The Disease Drivers of Aging: 2016 Advances in Geroscience Summit, held at the New York Academy of Sciences in April 2016, focused on three chronic diseases—cancer, HIV/AIDS, and diabetes—and how their negative effects (and sometimes their treatments) might accelerate the onset of age-related physical decline and disease. Molecular explorations, along with well-established epidemiological data, were key to focusing on the connection between these diseases and the major pillars of aging. Basic, translational, and clinical researchers identified knowledge gaps and future directions of research needed to better understand the molecular pathways that might accelerate the aging process in people exposed to early forms of chronic diseases. Their efforts resulted in a series of papers published as a special issue of the Journal of Gerontology: Series A in November 2016.
Future research directions
People are living longer today because of progress in medical care. But many people suffer from debilitating conditions because research has focused on curing life-threatening diseases such as cancer and cardiovascular disease. For the growing population of older adults, geroscience may provide novel preventive or diagnostic measures that can reduce the burden of age-related disease and disability.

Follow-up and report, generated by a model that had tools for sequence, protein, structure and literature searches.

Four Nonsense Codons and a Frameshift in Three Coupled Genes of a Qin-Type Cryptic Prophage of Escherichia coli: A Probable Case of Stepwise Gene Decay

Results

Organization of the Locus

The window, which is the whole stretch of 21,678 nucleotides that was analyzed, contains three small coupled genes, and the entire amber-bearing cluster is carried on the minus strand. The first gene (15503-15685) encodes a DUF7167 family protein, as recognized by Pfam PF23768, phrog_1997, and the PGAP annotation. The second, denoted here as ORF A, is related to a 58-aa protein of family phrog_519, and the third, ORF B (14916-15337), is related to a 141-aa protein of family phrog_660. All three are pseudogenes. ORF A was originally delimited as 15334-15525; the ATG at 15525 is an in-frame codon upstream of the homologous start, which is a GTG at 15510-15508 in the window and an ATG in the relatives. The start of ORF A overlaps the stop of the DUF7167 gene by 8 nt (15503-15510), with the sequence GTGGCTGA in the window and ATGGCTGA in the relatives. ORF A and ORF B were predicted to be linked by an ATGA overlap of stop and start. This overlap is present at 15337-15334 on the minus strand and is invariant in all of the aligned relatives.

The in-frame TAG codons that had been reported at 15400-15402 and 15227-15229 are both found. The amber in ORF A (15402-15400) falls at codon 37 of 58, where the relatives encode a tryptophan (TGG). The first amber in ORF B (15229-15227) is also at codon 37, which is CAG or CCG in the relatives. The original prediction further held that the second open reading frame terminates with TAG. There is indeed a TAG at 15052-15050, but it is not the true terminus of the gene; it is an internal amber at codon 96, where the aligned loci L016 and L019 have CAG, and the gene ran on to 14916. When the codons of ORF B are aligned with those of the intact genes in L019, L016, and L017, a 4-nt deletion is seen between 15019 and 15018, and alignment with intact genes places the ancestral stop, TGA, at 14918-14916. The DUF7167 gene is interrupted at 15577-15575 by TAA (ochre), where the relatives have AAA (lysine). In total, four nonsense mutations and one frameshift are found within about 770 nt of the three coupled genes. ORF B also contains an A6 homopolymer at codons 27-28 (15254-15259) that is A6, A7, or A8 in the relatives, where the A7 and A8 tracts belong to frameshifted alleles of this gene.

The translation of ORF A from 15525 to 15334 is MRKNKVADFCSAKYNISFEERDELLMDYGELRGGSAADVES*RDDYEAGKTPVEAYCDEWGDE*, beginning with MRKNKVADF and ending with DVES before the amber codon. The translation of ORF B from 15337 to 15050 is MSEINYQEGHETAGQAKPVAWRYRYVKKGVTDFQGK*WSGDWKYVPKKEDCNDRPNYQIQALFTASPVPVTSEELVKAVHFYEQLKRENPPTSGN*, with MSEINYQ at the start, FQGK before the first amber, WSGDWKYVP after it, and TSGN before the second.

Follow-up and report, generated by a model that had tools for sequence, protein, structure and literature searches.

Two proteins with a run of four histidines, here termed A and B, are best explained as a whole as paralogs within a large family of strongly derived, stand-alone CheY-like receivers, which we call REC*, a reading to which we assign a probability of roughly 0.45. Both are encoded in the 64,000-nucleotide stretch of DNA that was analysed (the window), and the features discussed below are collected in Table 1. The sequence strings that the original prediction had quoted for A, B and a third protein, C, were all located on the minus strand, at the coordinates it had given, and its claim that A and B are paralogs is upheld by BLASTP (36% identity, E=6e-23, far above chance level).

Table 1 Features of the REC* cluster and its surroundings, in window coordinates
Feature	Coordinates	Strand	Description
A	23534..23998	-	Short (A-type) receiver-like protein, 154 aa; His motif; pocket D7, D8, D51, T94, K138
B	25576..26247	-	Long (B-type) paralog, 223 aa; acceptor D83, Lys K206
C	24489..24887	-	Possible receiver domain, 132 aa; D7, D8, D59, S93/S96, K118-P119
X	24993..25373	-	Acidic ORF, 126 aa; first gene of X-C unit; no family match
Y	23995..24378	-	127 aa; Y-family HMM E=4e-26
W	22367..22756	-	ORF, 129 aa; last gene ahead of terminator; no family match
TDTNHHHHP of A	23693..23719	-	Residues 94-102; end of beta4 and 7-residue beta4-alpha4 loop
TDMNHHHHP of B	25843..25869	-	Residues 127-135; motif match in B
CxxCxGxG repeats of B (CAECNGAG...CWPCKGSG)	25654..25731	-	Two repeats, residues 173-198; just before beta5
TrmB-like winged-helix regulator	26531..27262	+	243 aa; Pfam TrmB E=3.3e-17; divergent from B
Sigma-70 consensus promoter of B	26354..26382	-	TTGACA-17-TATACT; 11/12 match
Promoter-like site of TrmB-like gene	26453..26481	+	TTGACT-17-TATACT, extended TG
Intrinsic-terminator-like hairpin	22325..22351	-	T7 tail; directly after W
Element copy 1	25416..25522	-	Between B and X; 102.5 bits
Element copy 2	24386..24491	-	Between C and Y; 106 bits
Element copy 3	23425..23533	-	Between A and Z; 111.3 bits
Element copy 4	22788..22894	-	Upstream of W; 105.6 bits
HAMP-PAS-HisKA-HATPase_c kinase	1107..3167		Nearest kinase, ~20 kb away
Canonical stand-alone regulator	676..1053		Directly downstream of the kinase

Resilience at the molecular, cellular, and systems levels is one key to these types of studies. Some diseases can speed the loss of function and resilience associated with aging, leading to increased susceptibility to further disease and disability. By exploring accurate and predictive measurements of resilience, researchers hope to discover how these measures can be adapted to benefit people. With that in mind, NIA has recently published twin Funding Opportunity Announcements to accelerate research in this field, both in mice (RFA AG-17-040) and in people (RFA AG 17-014), as research in this area is ongoing.
Investigators also seek to determine how particular chronic diseases affect not only the primary organ involved in a disease, but also, how additional organs and systems may be impaired. In Alzheimer's disease, for example, studies focus on what happens in the brain—the primary affected organ—while researchers also look at the bones, vascular system, and overall metabolism. Such studies provide a more holistic view of individual diseases and conditions, which could lead to interventions on a number of levels. For any chronic disease or lost function that increases with age, geroscience proposes that slowing the rate of aging will improve health.
The ultimate goal of geroscience is to accelerate research into the basic mechanisms driving aging, which could lead to improved clinical interventions. Toward that goal, the GSIG remains focused on discovering the basic biology at the intersection among aging, chronic disease, frailty, and resilience. Basic biology renders the process of aging the major risk factor for the age-related decline in health, threatening an increasingly older population.
Kennedy BK, et al. Geroscience: linking aging to chronic disease. Cell 2014;159(4): 709-713.